Each of the graded-index lenses 9 used in the invention is also known as a "Selfoc lens" which is a cylindrical lens having a refractive index distribution in the radial direction. The graded-index lens array is in close proximity with the electrophoresis plate for imaging the fluorescent image and this insures uniform signal levels to be attained between the center and either end of the plate. As a result, the uniformity of S/N ratio is improved and one can read the length of bases in lanes in the marginal portions of the plate as precisely as in lanes at the center and nearby areas. Since the graded-index lenses are disposed in an array, adjacent lens images will overlap, whereby 1:1 erecting imaging optics is provided in the lens mounting area. The "Selfoc lens" to be used in the invention is commercially available under code number SLA-20B (FO. 96) and has a diameter of about 1 mm with a length of about 12-13 mm. Needless to say, the lenses 9 are supported in a suitable enclosure or holder to make an array configuration. In the present invention, the Selfoc lenses may be replaced by a camera lens commonly employed with the DNA sequencer.
The detection optics has in its optical path four bandpass filters (Bp1 -Bp4) 11a, 11b, 11c and 11d that transmit light at wavelengths near the peak wavelengths from the respective fluorescent dyes and which are arranged integrally in a plane normal to the optical axis. The parallel light accepted into the detection optics is separated by these filters 11a-11d into spectral components within four areas in the plane normal to the optical axis. The four bandpass filters (Bp1 -BP2) 11a, 11b, 11c and 11d correspond to the Selfoc lenses 9a-9d, respectively, which are stacked vertically. The bandpass filters are not limited to any particular size but those about 150 μm×150 μm in size are generally preferred.
The fluorescence passing through each of the bandpass filters is picked up by a two-dimensional CCD array 13 placed at the back of the filter assembly. To identify colors and electrophoretic lanes, the pixel numbers from the CCD array 13 may be counted. The subsequent processing for identifying the DNA bases may be performed on a conventional type of multi-color resolving software.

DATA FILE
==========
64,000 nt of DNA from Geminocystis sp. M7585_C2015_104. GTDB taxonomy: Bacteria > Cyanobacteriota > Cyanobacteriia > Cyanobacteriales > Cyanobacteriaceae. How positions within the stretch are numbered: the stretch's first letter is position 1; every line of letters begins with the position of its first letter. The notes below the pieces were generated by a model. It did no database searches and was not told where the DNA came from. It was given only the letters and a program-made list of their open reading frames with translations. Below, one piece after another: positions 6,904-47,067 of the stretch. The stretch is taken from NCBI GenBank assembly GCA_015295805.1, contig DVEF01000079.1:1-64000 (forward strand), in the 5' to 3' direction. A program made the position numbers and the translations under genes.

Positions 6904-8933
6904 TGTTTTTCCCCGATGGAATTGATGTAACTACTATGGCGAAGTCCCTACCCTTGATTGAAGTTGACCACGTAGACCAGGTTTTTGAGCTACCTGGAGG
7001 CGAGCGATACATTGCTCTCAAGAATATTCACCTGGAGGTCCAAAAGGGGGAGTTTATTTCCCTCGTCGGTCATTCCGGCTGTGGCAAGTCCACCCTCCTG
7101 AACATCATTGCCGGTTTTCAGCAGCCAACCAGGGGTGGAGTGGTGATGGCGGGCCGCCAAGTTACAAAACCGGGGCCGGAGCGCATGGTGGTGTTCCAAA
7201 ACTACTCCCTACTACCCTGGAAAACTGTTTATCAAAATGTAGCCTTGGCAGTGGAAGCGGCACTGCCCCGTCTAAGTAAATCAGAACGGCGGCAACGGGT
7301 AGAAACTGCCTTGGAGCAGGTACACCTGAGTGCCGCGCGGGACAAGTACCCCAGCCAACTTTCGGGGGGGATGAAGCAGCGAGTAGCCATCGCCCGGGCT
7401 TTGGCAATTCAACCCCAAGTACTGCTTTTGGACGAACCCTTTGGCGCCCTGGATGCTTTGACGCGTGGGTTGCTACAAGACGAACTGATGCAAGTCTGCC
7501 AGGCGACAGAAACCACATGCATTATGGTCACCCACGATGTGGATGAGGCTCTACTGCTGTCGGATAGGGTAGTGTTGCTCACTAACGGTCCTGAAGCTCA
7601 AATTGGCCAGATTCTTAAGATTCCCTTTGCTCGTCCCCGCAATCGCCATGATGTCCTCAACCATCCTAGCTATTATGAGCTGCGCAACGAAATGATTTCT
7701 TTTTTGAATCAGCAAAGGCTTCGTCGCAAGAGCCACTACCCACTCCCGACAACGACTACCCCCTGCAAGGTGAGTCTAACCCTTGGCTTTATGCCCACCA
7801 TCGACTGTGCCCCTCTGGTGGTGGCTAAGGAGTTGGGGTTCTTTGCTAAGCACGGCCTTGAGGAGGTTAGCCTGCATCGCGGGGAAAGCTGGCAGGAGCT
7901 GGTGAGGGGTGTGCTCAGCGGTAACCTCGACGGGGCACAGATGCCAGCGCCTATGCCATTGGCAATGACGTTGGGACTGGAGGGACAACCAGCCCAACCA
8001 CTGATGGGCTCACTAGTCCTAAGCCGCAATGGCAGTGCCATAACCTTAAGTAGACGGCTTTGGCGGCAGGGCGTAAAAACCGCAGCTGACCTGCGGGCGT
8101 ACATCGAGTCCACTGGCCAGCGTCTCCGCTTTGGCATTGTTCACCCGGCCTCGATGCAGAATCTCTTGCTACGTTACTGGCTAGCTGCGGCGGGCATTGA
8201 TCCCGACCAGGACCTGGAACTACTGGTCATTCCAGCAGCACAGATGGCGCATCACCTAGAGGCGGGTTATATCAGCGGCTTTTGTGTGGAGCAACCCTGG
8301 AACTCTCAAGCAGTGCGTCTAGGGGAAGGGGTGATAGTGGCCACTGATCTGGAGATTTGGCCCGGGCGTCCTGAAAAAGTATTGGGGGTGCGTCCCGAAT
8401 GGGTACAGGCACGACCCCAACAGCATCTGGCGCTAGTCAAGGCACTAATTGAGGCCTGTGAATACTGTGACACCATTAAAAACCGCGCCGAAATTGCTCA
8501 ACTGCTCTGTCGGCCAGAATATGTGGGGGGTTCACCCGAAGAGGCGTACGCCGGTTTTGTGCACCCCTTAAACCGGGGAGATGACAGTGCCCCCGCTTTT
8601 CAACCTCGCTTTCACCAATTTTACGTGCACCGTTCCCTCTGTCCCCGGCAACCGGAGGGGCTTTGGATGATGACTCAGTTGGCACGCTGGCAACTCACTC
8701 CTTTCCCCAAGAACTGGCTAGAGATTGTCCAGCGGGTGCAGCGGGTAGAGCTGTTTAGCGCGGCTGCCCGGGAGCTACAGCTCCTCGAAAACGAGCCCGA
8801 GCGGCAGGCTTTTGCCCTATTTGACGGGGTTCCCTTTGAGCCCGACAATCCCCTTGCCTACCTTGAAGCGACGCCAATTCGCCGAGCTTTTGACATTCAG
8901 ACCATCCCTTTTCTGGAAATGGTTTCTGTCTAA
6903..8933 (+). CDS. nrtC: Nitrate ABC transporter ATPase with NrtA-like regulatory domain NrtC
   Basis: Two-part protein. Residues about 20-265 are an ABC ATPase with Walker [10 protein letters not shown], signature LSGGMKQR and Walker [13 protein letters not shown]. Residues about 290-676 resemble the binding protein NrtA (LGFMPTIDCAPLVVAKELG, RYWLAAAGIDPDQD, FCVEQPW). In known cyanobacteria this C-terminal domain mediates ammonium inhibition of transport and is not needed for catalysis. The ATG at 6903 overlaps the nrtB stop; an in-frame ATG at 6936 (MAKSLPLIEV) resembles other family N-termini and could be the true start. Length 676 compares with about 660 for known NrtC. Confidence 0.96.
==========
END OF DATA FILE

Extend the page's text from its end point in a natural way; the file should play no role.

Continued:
For the sake of convenience in explanation, FIG. 1 shows only one glass tube 1 at each end of the apparatus but in practice, more than one, say, 40-100, glass tubes may be used. In FIG. 1, the illumination optics is arranged in such a way that it is perpendicular to the detection optics with respect to the glass tube but this is not the sole case of the invention and the two optics may be arranged in a face-to-face relationship with respect to the glass tube. In FIG. 1, the exciting light is launched into the glass tube 1 in a direction normal to the side of each graded-index lens 9 and parallel to the bandpass filters 11. In a different embodiment, the exciting light may be launched in a direction normal to both an end face of each graded-index lens 9 and the bandpass filter array. Although not shown, the top of the glass tube 1 is immersed in a buffer solution in an upper buffer tank whereas the bottom of the glass tube is immersed in a buffer solution in a lower buffer tank. The upper buffer tank is connected to a top electrode whereas the lower buffer tank is connected to a bottom electrode so that electrophoresis of the sample is effected with a voltage applied between the two electrodes. An example of the gel electrophorescing apparatus using more than one glass tube is disclosed in Japanese Laid-Open Patent Application (kokai) No. 72177/1993, which is incorporated herein by reference.
As described on the foregoing pages, the fluorescence detector of the present invention enables each of the sensors to perform real-time detection, thereby achieving an improvement in sensitivity. What is more, the elimination of mechanical drives not only contributes to a reduction in the overall size of the apparatus but also enables simultaneous detection of more than one lane.
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|Citing Patent||Filing date||Publication date||Applicant||Title|
|US6225635 *||Aug 7, 1998||May 1, 2001||The Regents Of The University Of California||System and method for optically locating microchannel positions|
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|U.S. Classification||422/82.08, 250/458.1, 356/344, 204/603|
|International Classification||G01N21/64, G01N27/447|
|Aug 26, 1998||AS||Assignment|
Owner name: HITACHI ELECTRONICS ENGINEERING CO., LTD., JAPAN
Free format text: ASSIGNMENT OF ASSIGNORS INTEREST;ASSIGNOR:NEMOTO, RYOJI;REEL/FRAME:009408/0178
Effective date: 19980703
|Oct 8, 2003||REMI||Maintenance fee reminder mailed|
|Mar 22, 2004||LAPS||Lapse for failure to pay maintenance fees|
|May 18, 2004||FP||Expired due to failure to pay maintenance fee|
Effective date: 20040321